(Reuters) - Gold prices eased on Tuesday as market optimism over a second possible COVID-19 vaccine countered a subdued dollar and concerns over rising coronavirus cases globally.
Spot gold eased 0.1% to $1,886.17 per ounce by 0623 GMT, while U.S. gold futures were down 0.2% at $1,884.50.
“The optimism over a COVID-19 vaccine is dampening demand for the precious metal,” said FXTM market analyst Han Tan.
While a Democrat-driven agenda in the U.S. Senate may result in larger fiscal stimulus and thereby boost gold, a vaccine-fuelled U.S. economic recovery may re-energize the dollar and push gold to sub-$1,850 levels, Tan added.
Propping up bullion, the dollar index .DXY was down 0.1%.
Gold dropped as much as 1.3% on Monday after Moderna MRNA.O said its vaccine was 94.5% effective in preventing COVID-19 based on interim data from a late-stage trial, becoming the second U.S. drugmaker after Pfizer PFE.N to report results exceeding expectations.
Meanwhile, Asian shares pushed into record territory on vaccine optimism.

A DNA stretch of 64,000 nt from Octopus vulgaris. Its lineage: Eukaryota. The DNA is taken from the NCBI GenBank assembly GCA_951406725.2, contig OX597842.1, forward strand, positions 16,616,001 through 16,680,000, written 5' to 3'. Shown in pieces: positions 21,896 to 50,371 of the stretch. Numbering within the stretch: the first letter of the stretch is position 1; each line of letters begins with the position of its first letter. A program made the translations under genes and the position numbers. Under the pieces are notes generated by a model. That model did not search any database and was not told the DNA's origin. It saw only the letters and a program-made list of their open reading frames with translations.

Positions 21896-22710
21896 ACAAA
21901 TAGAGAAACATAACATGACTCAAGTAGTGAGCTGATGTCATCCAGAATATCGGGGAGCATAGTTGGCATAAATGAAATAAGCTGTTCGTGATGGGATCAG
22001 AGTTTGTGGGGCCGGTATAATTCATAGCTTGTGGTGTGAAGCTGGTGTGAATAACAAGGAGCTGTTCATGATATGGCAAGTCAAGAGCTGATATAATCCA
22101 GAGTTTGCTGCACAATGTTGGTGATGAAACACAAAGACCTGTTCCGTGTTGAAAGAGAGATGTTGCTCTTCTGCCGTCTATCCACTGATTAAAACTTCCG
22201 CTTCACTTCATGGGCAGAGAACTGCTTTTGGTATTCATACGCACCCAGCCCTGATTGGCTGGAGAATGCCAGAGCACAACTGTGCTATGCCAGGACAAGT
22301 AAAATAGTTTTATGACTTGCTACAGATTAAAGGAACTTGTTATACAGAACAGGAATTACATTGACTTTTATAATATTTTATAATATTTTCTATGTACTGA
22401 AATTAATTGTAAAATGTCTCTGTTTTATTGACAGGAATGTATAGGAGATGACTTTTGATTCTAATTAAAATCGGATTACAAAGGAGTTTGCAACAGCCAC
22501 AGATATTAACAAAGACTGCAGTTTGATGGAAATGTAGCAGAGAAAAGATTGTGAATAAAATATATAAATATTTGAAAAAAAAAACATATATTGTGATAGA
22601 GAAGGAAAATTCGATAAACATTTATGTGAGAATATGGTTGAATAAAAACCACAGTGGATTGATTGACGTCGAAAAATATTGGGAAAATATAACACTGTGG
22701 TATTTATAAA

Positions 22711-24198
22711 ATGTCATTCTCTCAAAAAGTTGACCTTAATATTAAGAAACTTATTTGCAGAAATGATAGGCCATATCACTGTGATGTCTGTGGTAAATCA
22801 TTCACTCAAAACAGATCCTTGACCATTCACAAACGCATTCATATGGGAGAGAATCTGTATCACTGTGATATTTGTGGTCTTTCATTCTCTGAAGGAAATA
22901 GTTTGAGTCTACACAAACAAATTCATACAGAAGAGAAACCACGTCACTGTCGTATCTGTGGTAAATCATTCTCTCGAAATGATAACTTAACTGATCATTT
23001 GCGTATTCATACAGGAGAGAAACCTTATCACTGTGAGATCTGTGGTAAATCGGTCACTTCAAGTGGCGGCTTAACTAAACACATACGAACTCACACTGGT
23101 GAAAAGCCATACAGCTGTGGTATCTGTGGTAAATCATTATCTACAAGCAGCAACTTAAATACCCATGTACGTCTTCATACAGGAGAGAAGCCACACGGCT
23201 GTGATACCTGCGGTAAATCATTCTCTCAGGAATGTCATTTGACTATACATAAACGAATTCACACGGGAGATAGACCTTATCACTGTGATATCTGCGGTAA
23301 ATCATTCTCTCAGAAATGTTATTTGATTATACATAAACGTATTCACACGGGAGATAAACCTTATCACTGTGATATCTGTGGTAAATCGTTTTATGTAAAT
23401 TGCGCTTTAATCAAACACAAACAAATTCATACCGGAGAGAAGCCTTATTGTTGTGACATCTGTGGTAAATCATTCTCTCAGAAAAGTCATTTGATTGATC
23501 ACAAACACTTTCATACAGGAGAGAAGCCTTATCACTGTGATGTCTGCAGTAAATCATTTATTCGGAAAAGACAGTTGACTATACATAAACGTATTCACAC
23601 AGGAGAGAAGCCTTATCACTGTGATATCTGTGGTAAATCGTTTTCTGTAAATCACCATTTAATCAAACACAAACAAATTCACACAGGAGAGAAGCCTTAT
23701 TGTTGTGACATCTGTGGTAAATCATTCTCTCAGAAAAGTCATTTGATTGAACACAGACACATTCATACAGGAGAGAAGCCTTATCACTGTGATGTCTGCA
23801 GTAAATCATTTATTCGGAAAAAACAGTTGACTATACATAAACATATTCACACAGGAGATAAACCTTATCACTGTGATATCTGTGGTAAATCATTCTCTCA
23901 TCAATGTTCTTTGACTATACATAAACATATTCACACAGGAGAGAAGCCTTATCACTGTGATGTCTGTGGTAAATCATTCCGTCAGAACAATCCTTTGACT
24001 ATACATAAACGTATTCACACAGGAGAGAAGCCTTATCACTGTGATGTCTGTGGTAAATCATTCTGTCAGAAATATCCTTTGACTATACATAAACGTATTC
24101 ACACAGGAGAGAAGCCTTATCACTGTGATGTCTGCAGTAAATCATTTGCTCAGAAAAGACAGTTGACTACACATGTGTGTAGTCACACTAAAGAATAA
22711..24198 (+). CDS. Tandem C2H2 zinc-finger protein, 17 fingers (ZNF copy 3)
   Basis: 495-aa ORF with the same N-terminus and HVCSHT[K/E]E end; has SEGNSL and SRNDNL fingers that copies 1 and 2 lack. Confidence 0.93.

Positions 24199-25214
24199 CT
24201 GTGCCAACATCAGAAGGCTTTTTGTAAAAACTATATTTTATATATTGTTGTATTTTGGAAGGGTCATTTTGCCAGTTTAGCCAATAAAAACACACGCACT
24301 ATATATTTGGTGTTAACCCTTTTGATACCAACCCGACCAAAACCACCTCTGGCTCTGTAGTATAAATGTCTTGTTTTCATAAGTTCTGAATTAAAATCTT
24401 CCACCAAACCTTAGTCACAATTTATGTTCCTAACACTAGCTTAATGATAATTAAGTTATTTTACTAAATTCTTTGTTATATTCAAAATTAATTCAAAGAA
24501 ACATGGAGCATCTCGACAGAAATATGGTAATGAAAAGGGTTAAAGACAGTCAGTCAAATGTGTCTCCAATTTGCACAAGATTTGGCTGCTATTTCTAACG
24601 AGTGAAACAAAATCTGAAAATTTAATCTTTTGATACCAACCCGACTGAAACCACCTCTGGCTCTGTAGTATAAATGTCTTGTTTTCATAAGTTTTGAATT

However, the monetary environment is still very accommodative and may stay at current levels into spring 2021, providing near-term support for gold, said Margaret Yang, strategist at DailyFX.
Gold, considered a hedge against inflation and currency debasement, has gained over 24% this year, mainly benefiting from global stimulus to cushion the effect of the pandemic.
President-elect Joe Biden called on Congress to pass a new coronavirus relief package, while new restrictions were placed in several U.S. states to curb surging cases.
Federal Reserve Vice Chair Richard Clarida on Monday acknowledged the new vaccine as a positive for economic recovery and said that the central bank would apply an expansive view of the labor market before deciding on any rate hikes.
Silver fell 0.7% to $24.58 per ounce. Platinum eased 0.4% to $921.49, while palladium slipped 1.1% to $2,308.11.
Reporting by Eileen Soreng in Bengaluru; Editing by Rashmi Aich and Devika Syamnath
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